I posted 6 months ago about a glowing red exhaust manifold on a Duke. This forum is the reason it was resolved! But this is a head scratcher....
Car: 1986 stock Iron Duke (distributor), 5 speed Izuzu
Symptoms: Ran very very well for the 6 months I have had it running. I was driving it in the garage a week ago and rpms lowered and it sputtered a few times and stalled. I tried to start it again but it turns over as if it has too much compression....weird. If I floor it when I turn it over I can get it to spin like normal, it will pop once, backfire a huge fireball out of the throttle body and then turn over slowly like it has too much compression again. (You know: rr....rrr....rrr...rrrr). This is not a battery/starter issue! I have jumped it, and fully charged it.
What I have replaced or checked in the past month: Cylinder compression - 150-157 across all cylinders (abnormally high?) All fuel components including new pump (works well) and overhaul throttle body Checked Ignition module, replaced dist cap, rotor, plugs, wires. Has good hot blue spark. Checked rockers, all are moving I have recently cleaned and greased all grounds New sensors - oxygen, oil pressure, temperature, and tested TPS and MAP=Good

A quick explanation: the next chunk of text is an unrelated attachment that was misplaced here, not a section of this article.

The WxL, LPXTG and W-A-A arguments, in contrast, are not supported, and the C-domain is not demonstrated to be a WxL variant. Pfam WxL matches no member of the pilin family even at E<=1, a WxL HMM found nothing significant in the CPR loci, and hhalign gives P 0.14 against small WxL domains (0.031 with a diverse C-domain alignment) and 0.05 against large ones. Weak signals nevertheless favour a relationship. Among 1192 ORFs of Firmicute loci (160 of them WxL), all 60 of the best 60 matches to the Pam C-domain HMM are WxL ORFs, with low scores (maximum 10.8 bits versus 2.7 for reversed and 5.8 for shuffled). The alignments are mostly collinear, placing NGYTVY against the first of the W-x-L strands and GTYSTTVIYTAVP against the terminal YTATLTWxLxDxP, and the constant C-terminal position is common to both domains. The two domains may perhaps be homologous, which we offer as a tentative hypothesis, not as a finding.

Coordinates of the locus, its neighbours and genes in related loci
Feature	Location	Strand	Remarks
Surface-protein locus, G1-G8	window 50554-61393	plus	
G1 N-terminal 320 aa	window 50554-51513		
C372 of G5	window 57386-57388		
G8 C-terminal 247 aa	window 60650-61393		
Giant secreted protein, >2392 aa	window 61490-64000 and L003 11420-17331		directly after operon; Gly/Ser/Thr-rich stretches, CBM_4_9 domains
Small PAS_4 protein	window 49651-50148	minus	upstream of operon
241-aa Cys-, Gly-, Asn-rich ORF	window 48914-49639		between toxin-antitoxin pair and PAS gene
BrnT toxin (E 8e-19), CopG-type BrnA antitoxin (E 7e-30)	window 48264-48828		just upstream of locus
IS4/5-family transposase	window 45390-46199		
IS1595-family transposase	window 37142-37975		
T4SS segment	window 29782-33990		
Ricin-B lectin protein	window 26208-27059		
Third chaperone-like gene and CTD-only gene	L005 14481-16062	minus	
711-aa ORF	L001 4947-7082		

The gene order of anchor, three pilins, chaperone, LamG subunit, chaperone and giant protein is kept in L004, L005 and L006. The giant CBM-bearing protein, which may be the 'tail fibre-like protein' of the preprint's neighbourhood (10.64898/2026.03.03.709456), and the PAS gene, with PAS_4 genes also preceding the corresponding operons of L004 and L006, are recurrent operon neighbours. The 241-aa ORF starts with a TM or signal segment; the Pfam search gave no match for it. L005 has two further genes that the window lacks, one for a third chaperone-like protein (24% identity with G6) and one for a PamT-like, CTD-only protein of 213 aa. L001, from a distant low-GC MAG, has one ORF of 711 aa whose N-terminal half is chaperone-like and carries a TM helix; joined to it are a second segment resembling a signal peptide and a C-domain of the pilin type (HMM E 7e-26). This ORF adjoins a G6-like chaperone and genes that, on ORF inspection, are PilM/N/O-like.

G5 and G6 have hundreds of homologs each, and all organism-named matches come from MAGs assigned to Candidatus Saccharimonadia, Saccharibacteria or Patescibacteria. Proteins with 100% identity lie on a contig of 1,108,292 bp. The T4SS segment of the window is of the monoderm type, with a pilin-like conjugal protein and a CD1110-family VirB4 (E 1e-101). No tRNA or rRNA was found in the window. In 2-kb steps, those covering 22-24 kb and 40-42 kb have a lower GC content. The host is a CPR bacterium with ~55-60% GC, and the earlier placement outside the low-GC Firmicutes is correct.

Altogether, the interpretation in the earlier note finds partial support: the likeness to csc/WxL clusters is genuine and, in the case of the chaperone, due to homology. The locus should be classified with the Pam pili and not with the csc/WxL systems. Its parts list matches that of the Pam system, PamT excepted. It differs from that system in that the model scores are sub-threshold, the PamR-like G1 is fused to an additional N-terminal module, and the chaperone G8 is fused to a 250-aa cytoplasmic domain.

If it was extremely flooded, it would at least try to do something more with the throttle wide open. I have even unplugged the injector and turned it over to clear it out and nothing. There is a nice spray coming from the injector as well. What would you suggest I try next? I have run out of ideas. Suggestions welcome and I will let you know if I have already done that (hard to keep track from a year long project). I have seen a couple threads about similar issues, but the one turned out to be the crankshaft position sensor, which the 86's do not have (correct?). Thanks!!
Unplug the coil to ICM 2 conductor wire and crank it. Does it crank normally? If so your timing is way too advanced.
I suspect the timing is too advanced. When you floor it the injectors are not pulsed. No gas in the cylinder means the cylinders don't fire and it cranks normally.
To retard your timing - loosen the hold down bolt and turn the distributor body in the same direction the rotor spins (clockwise). After you get it to start you then need to time the engine with a light and jumpering A-B.
When the timing is too advanced and you try to start it, when a cylinder fires the piston is before TDC. The firing of the cylinder stops the cranking of the engine for a second and then when the starter can overcome the compression it starts going forward again.
When the teeth on your cam gear fails, your cam will stop turning. Cam not turning also means the distributor doesn't turn. It won't jump a tooth. When it gets that bad the gear just fails.
[This message has been edited by phonedawgz (edited 06-15-2013).]
Phonedawgz: Thanks, I have been messing with the distributor placement for a bit, but I have not tried just unplugging something to stop the fire to see if that is the issue. I am assuming unplugging the coil wire will have the same effect. I will try that later. I'm not sure how the timing would change enough to kill the engine when it was running perfectly and then sputtered and stopped. Thanks!